8 January 2023 – First Sunday after the Epiphany | The Baptism of Our Lord
by The Rev. Dr. Richard Burden
Sermon preached by The Rev. Dr. Richard Burden
Below is a DRAFT text of the homily. It may vary considerably from the recorded version. Please excuse typos and grammatical errors, and do not cite without permission.
We love origin stories…Think of all iterations of Spider-Man and how many of them start with, or at least flashback to him being bitten by the radioactive spider, and then watching as Uncle Ben dies?
Or in the DC universe, how often are we reminded of the life-altering traumas experienced by the young Bruce Wayne—sometimes getting stuck someplace with bats, but always, always watching his parents being gunned down.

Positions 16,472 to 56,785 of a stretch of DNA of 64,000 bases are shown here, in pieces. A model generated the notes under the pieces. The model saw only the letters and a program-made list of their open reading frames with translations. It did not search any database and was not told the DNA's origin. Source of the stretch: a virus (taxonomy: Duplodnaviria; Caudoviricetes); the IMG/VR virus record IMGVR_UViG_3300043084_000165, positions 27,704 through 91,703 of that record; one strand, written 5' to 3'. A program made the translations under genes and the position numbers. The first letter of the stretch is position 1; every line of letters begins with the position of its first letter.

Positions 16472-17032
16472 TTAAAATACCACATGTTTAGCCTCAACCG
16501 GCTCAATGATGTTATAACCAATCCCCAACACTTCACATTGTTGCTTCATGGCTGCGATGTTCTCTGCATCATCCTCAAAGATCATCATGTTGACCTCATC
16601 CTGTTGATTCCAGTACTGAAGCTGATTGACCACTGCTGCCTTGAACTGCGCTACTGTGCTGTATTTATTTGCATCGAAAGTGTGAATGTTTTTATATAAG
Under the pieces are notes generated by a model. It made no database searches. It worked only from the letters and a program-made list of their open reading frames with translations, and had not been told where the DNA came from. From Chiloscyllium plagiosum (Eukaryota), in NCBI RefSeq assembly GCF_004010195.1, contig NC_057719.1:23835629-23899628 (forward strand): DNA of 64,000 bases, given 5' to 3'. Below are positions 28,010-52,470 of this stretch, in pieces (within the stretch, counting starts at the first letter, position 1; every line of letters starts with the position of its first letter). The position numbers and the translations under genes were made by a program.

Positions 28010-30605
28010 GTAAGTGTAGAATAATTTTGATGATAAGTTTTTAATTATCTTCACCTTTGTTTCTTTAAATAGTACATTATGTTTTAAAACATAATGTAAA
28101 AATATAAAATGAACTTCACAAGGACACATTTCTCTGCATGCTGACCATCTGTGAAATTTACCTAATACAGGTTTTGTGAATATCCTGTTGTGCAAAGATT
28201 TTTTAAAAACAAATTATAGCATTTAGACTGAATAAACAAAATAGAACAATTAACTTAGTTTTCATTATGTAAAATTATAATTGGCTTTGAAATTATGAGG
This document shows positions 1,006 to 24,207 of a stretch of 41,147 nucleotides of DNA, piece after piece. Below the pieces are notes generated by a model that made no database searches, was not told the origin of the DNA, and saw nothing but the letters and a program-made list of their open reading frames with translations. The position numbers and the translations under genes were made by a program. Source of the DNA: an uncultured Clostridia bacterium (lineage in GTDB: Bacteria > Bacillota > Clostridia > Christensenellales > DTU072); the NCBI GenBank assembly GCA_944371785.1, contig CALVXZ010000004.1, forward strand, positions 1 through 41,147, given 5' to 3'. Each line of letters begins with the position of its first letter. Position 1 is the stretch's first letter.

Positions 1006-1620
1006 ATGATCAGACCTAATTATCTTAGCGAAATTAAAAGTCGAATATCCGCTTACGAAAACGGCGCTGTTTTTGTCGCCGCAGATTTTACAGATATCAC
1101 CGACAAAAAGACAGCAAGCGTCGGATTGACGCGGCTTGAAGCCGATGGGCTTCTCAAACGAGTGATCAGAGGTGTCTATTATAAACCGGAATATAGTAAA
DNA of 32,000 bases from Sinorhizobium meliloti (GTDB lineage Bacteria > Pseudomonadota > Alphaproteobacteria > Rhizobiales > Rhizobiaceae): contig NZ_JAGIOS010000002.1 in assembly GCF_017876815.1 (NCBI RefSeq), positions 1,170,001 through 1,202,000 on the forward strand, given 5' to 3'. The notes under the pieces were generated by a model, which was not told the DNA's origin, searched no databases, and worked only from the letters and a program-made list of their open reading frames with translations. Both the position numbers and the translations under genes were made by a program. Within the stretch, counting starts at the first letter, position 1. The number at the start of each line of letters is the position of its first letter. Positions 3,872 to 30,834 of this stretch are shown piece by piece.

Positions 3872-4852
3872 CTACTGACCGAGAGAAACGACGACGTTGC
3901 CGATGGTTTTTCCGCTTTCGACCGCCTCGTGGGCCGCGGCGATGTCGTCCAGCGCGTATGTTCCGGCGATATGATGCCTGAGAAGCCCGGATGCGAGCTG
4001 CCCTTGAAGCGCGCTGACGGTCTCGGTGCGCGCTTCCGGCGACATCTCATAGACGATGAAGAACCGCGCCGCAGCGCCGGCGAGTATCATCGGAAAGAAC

Origin stories are important…and they develop over time, as people begin to embellish a mere outline with more and more detail.
Jesus’ origin story is pretty sparse to begin with. Mark, the earliest gospel we have opens on John baptizing the wilderness…proclaiming that “one who is more powerful than I is coming…” and then Mark says, “In those days Jesus came from Nazareth of Galilee and was baptized by John in the Jordan. And just as he was coming up out of the water, he saw the heavens torn apart and the Spirit descending like a dove on him. And a voice came from heaven, ‘You are my Son, the Beloved; with you I am well pleased.” And immediately the Spirit drives him into the wilderness (Mark 1:9-11). Not a lot there.